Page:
I just re configured the heater driver to the configuration C illustrated in the last post.
When I actually opened up the sub-D15 connector I found the previous configuration was not what I thought it was. The actual wiring was optimally bad, see attached schematic. The resister network paralleled 38 Ω and 70 Ω heater blocks and then puts those pairs in series. This meant uneven heating and higher resistance.
I've rewired to put all heaters in parallel and updated the IOC db file entry for the heater voltage channel to max out at 1.5 V (1.5A at output). We should make a point of putting fuses in the heater driver circuits soon, to prevent a meltdown from mistakes in input voltage: this is now a going concern with the low heater impedance. And/or implement a zenor diode crimp at the input.
I ramped the drive current all the way up to 1.5 A, this is 27.7 W. This was max 9.7 W max before. The out-of-loop sensor showed an immediate rise in temperature climbing at 0.16 K/min; the can can get from room temperature to 30 C in 1h20min which is much better than the 4-6 hours before.
However, I noticed when I cycled the current up and down this changed the reported temperature (in the out of loop sensor!). Which is very bad. The transimpedance temperature sensor box that converts AD590 1µV/K sensor current to voltage runs off the same 24V lines as the heater. However, this voltage is regulated down to 12 V (pretty sure) and should be well bypassed on the board. So I'm not sure what the interaction is here. There should be a wide margin for the sensor board voltage regulators and the AD590 should also be pretty immune to any voltage dip (if there is one).
The temperature sensor board is reporting a full 0.6 degrees below when the heater driver is turned all the way up. This needs to be debugged pronto in case all our temperature readouts are bogus.
Another issue I found was with the PID. I don't think this is related to the above temperature dip with heater drive current changes. The PID (settings P = -0.50, I = 0.00020, D = 0) was actually reducing the current drive to 0.700 A when started from 1.5 A, even 5 K below the set point. It should slowly wind up to the actuator limit and stay there until the set point is exceeded. I have two theories:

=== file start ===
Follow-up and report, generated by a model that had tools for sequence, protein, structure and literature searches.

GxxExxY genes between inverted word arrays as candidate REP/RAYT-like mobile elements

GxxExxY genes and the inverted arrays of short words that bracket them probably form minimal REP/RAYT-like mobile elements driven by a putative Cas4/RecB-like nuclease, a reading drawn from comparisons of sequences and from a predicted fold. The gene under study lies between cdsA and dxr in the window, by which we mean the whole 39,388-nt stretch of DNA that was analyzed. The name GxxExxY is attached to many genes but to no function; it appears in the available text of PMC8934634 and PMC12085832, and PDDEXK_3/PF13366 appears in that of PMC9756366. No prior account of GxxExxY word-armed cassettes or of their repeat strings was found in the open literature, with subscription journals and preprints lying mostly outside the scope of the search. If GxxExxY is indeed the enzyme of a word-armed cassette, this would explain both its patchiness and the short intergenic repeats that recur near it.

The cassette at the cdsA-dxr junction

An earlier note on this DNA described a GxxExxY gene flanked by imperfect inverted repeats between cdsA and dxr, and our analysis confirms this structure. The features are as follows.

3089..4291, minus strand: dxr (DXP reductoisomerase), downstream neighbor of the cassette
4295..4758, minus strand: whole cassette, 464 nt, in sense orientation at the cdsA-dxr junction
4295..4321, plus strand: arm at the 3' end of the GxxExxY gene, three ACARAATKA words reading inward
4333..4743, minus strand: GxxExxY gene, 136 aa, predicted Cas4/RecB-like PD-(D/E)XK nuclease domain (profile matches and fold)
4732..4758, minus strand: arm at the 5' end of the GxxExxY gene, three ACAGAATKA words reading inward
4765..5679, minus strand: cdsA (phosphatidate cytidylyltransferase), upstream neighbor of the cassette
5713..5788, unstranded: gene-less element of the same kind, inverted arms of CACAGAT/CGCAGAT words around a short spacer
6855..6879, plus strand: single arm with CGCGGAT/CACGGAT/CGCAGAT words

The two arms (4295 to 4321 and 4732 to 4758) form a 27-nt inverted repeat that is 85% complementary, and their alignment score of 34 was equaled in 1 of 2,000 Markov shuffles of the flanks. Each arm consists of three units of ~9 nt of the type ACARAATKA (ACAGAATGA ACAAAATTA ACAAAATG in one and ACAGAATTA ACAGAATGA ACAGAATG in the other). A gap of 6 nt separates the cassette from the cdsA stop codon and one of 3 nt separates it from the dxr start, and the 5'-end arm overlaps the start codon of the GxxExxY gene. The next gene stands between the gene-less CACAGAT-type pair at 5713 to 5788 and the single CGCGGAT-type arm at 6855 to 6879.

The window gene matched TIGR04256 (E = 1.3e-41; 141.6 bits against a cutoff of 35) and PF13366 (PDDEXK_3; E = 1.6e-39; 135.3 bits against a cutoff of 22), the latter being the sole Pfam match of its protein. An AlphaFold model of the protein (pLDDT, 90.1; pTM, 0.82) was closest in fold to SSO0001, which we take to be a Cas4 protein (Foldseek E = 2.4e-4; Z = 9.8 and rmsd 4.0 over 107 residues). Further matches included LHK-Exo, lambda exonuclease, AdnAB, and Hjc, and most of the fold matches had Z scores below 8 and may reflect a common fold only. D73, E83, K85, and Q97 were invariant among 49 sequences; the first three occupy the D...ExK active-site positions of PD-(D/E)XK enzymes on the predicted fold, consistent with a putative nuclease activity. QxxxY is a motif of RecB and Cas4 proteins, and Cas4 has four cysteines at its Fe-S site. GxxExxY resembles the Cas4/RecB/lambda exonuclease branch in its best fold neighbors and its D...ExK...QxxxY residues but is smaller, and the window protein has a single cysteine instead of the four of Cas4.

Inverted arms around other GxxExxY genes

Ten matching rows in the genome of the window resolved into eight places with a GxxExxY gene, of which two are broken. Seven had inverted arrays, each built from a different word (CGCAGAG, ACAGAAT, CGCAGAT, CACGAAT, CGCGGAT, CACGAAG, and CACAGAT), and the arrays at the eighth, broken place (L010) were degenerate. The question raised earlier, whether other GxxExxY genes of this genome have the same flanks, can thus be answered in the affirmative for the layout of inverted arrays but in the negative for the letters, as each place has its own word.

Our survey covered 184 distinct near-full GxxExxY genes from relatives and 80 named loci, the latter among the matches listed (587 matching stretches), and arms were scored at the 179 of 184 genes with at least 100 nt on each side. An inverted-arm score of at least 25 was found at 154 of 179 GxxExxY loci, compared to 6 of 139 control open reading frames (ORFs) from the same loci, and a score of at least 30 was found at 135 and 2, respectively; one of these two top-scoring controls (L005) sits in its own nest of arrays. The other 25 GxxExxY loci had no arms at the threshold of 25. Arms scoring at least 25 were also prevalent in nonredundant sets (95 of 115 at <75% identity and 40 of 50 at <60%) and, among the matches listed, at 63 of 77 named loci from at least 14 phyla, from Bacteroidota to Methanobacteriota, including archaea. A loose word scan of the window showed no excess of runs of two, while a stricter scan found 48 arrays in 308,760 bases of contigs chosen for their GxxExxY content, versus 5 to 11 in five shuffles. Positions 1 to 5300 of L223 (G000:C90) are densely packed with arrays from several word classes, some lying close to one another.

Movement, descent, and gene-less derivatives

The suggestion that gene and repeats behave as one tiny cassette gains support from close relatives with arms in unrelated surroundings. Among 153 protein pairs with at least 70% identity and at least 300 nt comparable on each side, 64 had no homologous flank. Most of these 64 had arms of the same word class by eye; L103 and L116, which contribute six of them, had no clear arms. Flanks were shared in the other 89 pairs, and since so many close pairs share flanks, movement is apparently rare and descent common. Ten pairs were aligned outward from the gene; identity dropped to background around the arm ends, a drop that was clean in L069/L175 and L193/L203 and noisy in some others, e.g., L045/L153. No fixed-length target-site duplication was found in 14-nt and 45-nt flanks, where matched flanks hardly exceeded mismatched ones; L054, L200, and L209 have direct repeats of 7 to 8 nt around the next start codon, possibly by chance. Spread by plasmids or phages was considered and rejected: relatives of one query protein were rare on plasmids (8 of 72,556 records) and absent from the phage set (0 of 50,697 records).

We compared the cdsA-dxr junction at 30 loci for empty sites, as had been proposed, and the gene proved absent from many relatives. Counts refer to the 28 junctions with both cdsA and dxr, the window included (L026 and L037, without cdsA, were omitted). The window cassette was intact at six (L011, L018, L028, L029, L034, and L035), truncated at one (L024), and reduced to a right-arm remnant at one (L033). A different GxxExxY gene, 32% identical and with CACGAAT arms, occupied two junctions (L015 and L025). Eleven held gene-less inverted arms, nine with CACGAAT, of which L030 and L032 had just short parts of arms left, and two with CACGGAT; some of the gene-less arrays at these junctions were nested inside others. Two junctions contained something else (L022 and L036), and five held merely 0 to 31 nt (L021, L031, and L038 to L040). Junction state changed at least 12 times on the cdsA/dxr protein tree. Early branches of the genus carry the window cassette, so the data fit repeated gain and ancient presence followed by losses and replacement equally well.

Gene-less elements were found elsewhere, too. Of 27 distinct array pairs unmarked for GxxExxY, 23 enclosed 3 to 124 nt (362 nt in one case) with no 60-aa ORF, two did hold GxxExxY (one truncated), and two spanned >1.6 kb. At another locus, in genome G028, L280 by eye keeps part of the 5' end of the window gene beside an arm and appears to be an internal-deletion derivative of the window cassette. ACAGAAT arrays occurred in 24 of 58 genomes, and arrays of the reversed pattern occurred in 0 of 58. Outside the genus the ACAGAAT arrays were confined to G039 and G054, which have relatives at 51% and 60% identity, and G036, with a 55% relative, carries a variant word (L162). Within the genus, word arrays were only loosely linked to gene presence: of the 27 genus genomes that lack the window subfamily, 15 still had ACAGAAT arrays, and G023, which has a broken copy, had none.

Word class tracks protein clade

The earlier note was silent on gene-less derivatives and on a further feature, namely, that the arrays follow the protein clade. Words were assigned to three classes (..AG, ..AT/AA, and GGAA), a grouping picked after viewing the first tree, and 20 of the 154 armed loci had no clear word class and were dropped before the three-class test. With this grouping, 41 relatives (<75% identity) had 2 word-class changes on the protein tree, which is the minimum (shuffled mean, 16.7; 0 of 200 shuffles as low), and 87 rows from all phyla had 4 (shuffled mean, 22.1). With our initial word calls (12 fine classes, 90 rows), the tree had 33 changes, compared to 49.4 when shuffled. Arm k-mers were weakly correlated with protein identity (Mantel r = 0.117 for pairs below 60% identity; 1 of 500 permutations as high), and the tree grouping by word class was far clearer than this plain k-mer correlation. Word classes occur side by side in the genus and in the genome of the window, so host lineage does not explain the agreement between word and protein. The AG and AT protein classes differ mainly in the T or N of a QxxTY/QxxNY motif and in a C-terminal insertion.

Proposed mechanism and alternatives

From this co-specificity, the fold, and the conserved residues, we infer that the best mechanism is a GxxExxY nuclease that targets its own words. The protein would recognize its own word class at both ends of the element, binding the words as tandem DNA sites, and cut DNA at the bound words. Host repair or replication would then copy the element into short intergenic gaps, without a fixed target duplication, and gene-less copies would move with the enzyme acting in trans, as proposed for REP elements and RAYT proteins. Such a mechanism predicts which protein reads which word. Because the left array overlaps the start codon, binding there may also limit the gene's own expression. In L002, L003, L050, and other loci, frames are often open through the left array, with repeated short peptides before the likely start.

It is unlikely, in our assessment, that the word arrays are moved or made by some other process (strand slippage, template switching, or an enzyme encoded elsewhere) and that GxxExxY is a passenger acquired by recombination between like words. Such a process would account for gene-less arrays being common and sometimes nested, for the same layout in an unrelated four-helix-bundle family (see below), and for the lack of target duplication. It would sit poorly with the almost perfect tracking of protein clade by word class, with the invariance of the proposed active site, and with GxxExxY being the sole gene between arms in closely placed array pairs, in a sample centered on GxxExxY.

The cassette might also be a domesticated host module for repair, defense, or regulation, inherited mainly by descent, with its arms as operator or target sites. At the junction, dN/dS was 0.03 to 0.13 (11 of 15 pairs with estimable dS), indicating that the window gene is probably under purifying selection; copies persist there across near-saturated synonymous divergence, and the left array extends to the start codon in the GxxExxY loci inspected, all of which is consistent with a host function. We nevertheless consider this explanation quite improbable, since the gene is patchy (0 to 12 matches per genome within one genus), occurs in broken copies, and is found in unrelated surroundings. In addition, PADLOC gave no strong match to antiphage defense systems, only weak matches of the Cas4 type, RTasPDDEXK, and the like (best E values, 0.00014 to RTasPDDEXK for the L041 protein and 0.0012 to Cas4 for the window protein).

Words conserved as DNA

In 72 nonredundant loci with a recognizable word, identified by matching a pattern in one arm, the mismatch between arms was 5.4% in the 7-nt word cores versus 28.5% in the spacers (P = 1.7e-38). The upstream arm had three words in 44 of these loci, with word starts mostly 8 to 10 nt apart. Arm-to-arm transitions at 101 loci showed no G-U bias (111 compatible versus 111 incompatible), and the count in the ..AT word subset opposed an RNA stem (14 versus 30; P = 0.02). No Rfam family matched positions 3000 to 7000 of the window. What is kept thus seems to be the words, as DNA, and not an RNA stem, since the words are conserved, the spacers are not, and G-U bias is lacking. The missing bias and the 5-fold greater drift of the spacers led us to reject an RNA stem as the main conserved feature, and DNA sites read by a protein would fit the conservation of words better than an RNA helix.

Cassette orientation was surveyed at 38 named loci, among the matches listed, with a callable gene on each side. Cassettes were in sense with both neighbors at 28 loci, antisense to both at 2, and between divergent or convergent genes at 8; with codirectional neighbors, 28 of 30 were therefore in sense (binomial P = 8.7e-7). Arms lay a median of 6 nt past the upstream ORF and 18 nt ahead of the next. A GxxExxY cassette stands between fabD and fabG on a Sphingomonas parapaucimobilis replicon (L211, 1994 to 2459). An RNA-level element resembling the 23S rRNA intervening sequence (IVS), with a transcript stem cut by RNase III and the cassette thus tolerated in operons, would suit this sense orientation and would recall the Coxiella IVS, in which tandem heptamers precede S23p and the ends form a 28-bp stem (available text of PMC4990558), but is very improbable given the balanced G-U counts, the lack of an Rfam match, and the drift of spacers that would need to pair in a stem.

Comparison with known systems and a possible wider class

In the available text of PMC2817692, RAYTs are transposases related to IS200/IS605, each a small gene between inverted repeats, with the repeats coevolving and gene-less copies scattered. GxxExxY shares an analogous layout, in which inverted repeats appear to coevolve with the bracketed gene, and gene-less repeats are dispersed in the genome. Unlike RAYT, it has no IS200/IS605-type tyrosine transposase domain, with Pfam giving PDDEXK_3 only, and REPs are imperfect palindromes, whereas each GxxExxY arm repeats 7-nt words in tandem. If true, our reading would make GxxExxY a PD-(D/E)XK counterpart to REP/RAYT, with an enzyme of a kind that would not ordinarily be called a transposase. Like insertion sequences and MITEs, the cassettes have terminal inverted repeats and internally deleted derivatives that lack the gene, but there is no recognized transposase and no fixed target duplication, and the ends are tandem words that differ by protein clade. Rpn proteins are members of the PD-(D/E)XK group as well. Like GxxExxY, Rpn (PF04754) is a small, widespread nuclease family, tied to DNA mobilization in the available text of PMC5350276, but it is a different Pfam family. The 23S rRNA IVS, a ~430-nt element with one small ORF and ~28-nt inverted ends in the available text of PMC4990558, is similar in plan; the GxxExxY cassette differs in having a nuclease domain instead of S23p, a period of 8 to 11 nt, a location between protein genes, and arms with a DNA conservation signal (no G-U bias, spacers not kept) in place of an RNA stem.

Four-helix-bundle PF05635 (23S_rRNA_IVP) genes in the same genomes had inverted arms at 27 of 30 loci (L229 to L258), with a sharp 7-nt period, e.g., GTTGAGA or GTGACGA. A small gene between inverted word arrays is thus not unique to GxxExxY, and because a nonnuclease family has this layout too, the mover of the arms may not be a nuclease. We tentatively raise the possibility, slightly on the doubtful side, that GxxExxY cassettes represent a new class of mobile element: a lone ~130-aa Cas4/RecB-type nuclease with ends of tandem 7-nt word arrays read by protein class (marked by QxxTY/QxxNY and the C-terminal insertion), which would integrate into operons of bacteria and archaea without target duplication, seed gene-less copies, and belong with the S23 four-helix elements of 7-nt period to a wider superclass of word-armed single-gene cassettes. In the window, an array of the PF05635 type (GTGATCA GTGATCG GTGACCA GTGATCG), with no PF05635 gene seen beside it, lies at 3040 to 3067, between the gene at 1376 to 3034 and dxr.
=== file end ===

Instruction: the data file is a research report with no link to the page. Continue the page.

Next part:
I turned down the P term and this seemed to solve the problem, but it shouldn't do this in the first place. I've had a suspicion for a while that adjusting the P value was actually introducing an integration affect (usually in the opposite sign to the integrator term). However, it wasn't this extreme in previous cases.
This python PID script is a direct port of an earlier Perl script used at the 40m. Its a very Perly way of solving the problem: using a single vector each for the process and error and performing shifting and pop on that vector. A python noob might write a script more like that given on Wikipedia.
Changing the script isn't a lot of work, but working out what is wrong and why might be harder.
*it will also effect the bandwidth of the loop I guess.
For the vacuum can heater, we are limited in the heater driver max power by the positive supply rail voltage and the maximum current permissible through the sense resistor. The 54 Ω of the can heater means that for 0.44 A of drive current, the drop across the heater is 24 V, the maximum voltage available to the circuit. Thus there is a limit to total heating of 9.77 W, accounting for sense resistor and MOSFET voltage drop.
...For now I will just configure the heaters to all be in parallel (configuration C)...